Before, During and After Your Visit
|Before Your 1st Visit||For in-person visits:|
• Fill out “My Health History” before you come in (page 42 in orientation guide)
• Bring your medications with you
For phone visits:
• Expect a call from an Oncology Nurse to fill out your health history over the phone
|During Your 1st Visit||• Check in at registration with your health card|
• Fill our Your Symptoms Matter
• Meet with the Oncology Nurse
• You will be asked questions about your medical history, family history, medications and symptoms
• You will meet your Medical/Radiation Oncologist
• Discuss the best treatment plan for you with your Oncologist and Oncology Nurse
• Ask questions to your health care team
• A treatment plan may not be made right away, so a follow up visit might be needed
|After Your 1st Visit||• Write down any questions you still have|
• Your team will tell you the next steps in your care plan
• You may be contacted to book a follow up visit or treatment
• A plan might be made to have you see a community care team (nurses, doctors, palliative care)
|At Follow-Up Visits||• Check in at registration
• Fill out Your Symptoms Matter
• Meet with the Oncology Nurse or Oncologist (sometimes both again)
• Ask questions if you are not clear about what your nurse or doctor is telling you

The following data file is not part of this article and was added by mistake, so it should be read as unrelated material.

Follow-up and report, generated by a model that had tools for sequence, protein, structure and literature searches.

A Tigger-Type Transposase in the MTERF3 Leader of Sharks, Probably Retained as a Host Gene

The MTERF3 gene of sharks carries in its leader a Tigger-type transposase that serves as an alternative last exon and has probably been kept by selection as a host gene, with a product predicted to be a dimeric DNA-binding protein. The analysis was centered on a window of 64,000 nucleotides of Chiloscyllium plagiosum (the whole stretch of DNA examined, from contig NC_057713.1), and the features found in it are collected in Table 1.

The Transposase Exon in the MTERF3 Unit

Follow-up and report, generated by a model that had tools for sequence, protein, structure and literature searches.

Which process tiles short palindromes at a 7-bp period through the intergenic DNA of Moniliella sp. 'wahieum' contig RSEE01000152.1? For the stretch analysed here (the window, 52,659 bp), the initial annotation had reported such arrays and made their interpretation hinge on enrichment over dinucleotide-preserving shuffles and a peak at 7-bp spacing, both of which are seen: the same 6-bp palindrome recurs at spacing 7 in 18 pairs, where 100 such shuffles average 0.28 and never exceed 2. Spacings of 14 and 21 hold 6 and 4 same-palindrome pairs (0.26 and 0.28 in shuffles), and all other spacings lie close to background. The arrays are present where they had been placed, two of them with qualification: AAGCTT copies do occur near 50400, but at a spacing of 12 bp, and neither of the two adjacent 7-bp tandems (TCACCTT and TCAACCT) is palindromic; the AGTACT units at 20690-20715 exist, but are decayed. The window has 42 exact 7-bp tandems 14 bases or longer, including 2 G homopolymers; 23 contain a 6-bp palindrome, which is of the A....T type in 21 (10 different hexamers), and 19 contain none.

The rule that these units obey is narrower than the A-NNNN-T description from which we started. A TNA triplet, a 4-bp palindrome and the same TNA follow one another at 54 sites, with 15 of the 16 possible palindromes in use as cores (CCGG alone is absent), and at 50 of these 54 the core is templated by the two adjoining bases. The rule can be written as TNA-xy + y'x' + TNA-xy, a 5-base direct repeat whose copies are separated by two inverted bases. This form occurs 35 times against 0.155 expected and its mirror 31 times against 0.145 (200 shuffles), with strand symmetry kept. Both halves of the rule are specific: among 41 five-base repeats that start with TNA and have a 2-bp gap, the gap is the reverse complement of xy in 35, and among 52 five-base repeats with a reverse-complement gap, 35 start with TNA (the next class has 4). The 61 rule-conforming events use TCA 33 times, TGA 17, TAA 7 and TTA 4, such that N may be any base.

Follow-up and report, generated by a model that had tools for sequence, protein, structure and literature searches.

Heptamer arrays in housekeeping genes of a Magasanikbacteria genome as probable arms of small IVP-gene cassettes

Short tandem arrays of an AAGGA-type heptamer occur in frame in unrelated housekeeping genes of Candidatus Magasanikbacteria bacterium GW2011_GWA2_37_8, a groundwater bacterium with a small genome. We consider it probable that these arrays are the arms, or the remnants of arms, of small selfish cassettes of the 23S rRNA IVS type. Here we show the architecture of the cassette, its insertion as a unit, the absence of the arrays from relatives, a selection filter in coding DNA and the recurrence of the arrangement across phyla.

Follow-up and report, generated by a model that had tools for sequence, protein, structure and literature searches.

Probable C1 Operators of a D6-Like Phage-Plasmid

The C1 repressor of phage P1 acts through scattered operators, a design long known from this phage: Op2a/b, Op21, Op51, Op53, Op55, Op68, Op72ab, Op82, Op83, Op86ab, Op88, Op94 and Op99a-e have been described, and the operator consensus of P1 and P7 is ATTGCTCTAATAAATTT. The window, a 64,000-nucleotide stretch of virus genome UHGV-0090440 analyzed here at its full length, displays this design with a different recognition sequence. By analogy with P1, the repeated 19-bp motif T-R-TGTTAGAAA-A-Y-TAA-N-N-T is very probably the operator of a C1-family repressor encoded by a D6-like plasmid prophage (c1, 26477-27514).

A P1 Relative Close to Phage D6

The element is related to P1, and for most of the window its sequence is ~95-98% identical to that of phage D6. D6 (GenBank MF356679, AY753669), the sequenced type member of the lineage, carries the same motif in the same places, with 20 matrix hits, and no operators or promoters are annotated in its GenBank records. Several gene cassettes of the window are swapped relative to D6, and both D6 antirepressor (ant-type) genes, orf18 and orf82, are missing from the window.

Sample questions to ask at your first appointment
It is helpful to bring a list of questions to discuss with your oncologist (cancer doctor) when you are booked for an in-person, phone or virtual visit.
Here are a few questions you many want to ask:
- What is my diagnosis?
- Is there any evidence the cancer has spread?
- What are my treatment choices? Which do you recommend for me? Why?
- What are the expected benefits of each treatment?
- What are the risks and possible side effects of each treatment?
- Will I have to change my normal activities? If so, for how long?
- What can I do to prepare for treatment?
- How often will I have treatments?
- How long will my treatments last?
- Is there a cost to the treatment?
- Can I still engage in sexual activity?
- Is infertility a side effect of cancer treatment? If so, can anything be done about it?
You will have many chances to ask the oncologist (cancer doctor) and your inter-professional care team to explain things to you and to get more information.
FAQ - Frequently Asked Questions
Why am I being sent to the cancer centre?
You have likely been referred to the cancer centre because your doctor wants you to receive further investigation, treatment or support from specialists who work at the cancer centre.
What happens when my doctor sends me to the cancer centre?
The doctor who has referred you to the cancer centre will send a copy of your medical information, including copies of your x-rays and blood work. Once this information has been received, your referral can be processed and an appointment will be booked for you.
What kind of treatment will I receive?
An individual plan of care will be created during your initial consult with your oncologist.
Will my family doctor or specialist know what is happening to me?
Information about your cancer centre visit and care plan will be sent back to your family doctor or specialist. Your family doctor is an important part of your team and will continue to be in charge of your general health care.
Who will I meet?
You might meet a couple different members of your health care team when you come to the cancer centre.